Buff Bradley — the trainer as well as the co-breeder and co-owner of Groupie Doll, the two-time female sprint champion for whom Ellis Park’s Grade 3 signature race is named — told the crowd that the resurgence of Ellis Park makes it possible for outfits to stay home in Kentucky for the summer.
“This is like my home anyhow, this track,” said Bradley, whose late father, former Kentucky state senator Fred Bradley, was from nearby Providence. “I’m glad I have owners who want to stay here in Kentucky and run at Ellis Park. It’s been made possible with the purse increase. In the last four or five years, it’s just really gotten good here. You see a lot of the top jockeys standing here and quite a few of the best trainers are keeping stables here. It’s going to be very competitive. Kentucky racing has moved by (the elevation) of Ellis Park.”
The 2-year-old racing again will be a focal point of the meet. At least 22 horses who raced at Ellis Park as 2-year-olds the past 20 years have gone on to win or place in Grade 1 stakes.
John Hancock, a third generation horse trainer and owner from Henderson, said he has some nice 2-year-olds that got sick this spring and weren’t able to have the success he usually enjoys at Keeneland‘s April meet. Those horses will be on full tilt for Ellis, he said, including a filly named Bivian B after Hancock’s mother who died last year.
“She’s the best 2-year-old I’ve ever hung a bridle on,” he said. “She could be the real deal.”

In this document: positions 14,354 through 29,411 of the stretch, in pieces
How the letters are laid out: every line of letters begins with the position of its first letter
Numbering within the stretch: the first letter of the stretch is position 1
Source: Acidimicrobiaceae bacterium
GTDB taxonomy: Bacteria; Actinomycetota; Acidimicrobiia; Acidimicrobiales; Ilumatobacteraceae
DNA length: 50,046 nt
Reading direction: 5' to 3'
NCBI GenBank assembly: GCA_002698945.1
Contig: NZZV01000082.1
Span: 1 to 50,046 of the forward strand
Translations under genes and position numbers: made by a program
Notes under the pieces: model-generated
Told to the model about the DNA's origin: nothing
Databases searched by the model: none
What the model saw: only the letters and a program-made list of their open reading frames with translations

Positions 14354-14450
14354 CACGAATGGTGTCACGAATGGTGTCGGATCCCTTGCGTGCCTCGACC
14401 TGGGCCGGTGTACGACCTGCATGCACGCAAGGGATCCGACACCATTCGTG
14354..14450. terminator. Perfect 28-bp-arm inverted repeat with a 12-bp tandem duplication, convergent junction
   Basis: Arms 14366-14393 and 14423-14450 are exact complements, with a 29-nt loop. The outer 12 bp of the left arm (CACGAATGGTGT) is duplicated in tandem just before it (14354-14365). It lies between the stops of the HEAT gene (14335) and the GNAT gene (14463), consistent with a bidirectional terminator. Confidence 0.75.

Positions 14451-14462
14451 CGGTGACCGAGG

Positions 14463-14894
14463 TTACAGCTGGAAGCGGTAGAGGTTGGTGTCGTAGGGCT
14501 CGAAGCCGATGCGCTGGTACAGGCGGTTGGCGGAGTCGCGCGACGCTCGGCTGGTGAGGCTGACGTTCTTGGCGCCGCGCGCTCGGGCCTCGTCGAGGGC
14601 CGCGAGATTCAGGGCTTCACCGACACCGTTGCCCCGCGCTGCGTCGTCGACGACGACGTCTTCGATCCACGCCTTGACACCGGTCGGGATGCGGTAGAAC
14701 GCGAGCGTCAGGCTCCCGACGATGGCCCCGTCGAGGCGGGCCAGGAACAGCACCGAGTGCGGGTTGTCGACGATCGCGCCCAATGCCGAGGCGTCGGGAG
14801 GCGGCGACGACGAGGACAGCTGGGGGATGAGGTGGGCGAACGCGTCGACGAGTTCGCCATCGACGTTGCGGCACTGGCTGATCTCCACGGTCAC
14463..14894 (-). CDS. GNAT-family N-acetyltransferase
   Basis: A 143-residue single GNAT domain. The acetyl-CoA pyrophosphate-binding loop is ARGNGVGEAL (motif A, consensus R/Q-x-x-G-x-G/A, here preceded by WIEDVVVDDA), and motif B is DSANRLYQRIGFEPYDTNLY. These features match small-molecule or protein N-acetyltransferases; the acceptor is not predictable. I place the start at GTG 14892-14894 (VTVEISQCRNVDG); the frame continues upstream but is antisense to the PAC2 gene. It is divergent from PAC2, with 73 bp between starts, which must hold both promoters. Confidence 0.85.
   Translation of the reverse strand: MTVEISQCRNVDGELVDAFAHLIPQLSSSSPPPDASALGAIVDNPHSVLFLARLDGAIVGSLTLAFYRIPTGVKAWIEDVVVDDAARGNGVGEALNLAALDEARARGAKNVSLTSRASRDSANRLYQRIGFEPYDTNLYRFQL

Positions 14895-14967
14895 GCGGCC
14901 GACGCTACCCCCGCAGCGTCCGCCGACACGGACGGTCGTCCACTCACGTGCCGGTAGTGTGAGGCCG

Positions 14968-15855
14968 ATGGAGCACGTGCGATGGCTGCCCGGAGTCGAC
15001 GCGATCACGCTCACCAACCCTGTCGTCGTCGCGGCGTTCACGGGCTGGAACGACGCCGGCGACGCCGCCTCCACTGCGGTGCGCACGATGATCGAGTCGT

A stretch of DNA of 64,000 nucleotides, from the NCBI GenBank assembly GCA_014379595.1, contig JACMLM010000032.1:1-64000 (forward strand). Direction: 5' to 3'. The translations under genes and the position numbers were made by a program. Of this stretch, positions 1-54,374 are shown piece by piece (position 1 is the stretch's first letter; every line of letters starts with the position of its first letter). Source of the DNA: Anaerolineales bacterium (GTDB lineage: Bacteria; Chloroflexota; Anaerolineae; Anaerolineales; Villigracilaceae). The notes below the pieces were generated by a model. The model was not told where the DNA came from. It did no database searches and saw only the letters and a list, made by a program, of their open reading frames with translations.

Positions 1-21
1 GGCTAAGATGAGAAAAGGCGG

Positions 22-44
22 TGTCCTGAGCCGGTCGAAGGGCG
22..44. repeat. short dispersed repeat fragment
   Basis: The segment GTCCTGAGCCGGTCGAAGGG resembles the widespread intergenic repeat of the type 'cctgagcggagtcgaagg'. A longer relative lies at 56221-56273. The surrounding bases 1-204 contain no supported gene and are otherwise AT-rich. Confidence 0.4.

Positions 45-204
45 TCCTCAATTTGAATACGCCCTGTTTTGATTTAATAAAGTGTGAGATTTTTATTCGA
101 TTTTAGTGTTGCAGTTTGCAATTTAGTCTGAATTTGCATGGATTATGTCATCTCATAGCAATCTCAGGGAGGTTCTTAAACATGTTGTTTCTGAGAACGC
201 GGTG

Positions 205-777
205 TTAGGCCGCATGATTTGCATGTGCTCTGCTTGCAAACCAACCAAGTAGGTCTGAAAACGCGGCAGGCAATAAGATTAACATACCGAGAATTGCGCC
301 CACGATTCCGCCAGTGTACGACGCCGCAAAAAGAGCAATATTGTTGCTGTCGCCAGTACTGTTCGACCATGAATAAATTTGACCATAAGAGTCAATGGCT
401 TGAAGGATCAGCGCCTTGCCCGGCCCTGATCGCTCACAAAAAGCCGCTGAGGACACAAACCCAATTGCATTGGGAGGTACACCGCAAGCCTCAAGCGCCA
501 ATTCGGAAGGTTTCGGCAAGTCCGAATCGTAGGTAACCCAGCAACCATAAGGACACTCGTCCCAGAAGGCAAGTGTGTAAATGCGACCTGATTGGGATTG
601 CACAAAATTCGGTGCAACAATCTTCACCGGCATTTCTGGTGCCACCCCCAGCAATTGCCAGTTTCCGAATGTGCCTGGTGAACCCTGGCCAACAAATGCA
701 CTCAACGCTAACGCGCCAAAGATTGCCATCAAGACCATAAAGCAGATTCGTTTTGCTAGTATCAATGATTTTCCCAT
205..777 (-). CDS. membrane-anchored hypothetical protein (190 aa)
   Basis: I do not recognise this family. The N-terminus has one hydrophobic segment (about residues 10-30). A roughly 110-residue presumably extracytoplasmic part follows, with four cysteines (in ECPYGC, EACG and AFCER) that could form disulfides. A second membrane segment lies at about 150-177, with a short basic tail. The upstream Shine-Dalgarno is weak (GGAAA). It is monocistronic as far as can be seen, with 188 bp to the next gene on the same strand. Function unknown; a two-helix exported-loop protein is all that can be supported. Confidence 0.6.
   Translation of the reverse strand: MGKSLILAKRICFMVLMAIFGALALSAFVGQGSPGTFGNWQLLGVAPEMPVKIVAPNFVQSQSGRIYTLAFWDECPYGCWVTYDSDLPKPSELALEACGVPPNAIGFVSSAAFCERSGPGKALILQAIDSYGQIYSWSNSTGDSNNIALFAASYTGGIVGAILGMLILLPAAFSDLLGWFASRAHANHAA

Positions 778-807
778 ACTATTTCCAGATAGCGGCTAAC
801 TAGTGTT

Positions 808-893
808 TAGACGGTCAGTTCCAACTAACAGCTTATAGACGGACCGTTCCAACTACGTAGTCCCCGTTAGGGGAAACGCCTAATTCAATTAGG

Hancock pointed to Chester Thomas, a two-time Ellis Park leading owner from Madisonville, and Evansville’s Mike Bruder as examples of local owners improving their stock.
“Steve Asmussen is coming with a couple of barns full. Brad Cox is coming with a couple of barns full,” Hancock said of the nationally prominent trainers who have accounted for the past three Ellis training titles. “But I don’t think it will be as easy for them. Local people … won’t be a pushover.”
“It takes a lot of luck to have the best horse on the day. It’s tough to win,” Thomas said. “There will be big-time barns here. But the local folks, don’t overlook them.”
Also at Media Day was Henderson product Jason Barkley, who began his training career last summer at Ellis Park.
“It’s nice to be there with your name on the program, doing your own thing,” said Barkley, the son of veteran Kentucky trainer Jeff Barkley. “The successes are great, and the failures are awful. You just learn from both and try to make the most of it.”
The favorite Ellis Park promotions are back, including the wiener dog races, restricted to Dachshunds, on Aug. 4, 11 and 25.
Other highlights:
Jockeys race aboard camels and ostriches on July 7.
Kids Days on July 15 and Sept. 2.
The Kentucky HBPA College Day, featuring drawings for laptops and $1,000 scholarships, on July 22.
Every Sunday after July 1 will be Value Days with deeply discounted draft beer, soda, hotdogs and more.
General admission and parking are free.